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January/February 2001

Terem Quartet
No, Russia Cannot Be Perceived By Wit
Intuition Music

If you've heard of the Terem Quartet, you probably have popster and world-music peddler Peter Gabriel to thank. In the early '90s, Gabriel signed this Russian modern-folk foursome to his Real World label. Almost a decade on, the quartet returns with its third recording, No, Russia Cannot Be Perceived by Wit, an album of folk melodies and dances treated with a broad, classical approach. Once Terem rounds out the CD with three classical pieces, including Rossini's "Barber of Seville," it makes perfect sense.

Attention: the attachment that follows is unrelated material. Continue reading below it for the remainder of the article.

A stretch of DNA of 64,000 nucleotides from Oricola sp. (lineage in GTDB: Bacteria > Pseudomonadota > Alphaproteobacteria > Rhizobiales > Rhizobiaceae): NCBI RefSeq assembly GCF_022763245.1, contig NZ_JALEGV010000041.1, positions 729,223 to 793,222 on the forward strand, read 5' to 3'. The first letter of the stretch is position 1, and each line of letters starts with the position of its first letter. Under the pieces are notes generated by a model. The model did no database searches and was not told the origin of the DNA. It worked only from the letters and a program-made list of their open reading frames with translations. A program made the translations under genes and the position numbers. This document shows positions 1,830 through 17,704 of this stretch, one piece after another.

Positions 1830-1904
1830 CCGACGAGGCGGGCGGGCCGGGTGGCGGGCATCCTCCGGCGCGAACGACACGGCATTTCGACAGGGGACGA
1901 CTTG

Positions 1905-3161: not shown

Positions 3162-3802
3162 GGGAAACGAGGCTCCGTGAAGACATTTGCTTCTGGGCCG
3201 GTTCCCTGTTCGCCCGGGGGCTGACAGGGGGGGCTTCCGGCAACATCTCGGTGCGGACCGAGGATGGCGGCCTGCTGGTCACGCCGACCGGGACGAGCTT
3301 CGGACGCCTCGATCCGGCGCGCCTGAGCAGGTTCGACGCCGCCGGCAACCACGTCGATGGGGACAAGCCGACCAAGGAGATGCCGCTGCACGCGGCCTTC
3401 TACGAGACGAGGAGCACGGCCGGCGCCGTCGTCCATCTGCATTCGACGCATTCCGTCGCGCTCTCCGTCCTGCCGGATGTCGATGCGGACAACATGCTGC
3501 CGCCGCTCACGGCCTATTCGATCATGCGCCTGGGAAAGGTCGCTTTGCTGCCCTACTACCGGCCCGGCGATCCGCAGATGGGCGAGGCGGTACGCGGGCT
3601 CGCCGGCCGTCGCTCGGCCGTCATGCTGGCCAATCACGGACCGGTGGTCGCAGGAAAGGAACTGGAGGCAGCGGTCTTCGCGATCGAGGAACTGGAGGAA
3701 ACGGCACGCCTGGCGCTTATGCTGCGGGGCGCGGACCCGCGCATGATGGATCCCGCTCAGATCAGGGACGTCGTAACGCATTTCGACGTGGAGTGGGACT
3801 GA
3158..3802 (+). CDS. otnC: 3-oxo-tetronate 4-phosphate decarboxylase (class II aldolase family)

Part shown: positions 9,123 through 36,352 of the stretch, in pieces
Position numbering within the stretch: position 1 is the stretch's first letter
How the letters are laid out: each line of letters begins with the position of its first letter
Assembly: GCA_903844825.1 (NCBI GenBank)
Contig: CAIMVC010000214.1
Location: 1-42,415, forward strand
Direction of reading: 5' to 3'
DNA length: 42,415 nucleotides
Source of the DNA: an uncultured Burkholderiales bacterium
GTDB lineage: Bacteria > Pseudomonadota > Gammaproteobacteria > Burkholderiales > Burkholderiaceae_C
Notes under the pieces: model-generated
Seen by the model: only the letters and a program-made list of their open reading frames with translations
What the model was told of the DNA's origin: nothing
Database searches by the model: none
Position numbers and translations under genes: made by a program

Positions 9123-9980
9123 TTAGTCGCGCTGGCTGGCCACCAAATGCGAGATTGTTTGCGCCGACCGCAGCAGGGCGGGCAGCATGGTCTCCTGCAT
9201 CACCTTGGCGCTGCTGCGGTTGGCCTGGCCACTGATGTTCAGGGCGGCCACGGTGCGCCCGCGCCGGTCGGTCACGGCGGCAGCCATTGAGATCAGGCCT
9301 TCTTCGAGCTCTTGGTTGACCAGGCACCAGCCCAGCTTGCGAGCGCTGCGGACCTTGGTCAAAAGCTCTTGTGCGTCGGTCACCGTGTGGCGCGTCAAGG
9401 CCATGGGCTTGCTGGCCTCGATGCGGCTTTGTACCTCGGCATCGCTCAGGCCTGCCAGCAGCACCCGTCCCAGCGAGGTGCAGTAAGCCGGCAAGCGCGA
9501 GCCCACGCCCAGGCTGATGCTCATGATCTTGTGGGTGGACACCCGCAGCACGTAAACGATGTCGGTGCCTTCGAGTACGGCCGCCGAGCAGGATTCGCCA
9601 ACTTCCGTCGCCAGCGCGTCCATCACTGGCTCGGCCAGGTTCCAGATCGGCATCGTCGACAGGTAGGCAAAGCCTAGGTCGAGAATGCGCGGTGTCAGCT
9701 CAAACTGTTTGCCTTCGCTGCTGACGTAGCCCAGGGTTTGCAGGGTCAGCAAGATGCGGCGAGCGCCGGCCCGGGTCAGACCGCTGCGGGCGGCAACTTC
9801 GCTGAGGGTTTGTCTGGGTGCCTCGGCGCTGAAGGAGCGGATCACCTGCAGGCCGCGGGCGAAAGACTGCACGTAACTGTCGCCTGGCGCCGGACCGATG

Nevertheless, Wit is hardly a stiff affair. The quartet digs manic tempos, rallies around memorable melodies and plays with nuance and great facility. They occasionally throw in an oddball passage for humor, and they have a weakness for open-hearted romanticism and melodrama that flirts with the maudlin when left unchecked-which is most of the time. In other words, not terribly different from what one would expect from a Russian outfit such as this.

Jazz fans take note: Wit is not a jazz album even in the loosest sense. The three plectrists do not improvise and neither does the accordion player; they hardly even acknowledge American music. Nevertheless, if a charming, occasionally goofy Euro-cafe soundtrack sounds good to you, Terem Quartet just might be your boys.

Originally published in January/February 2001
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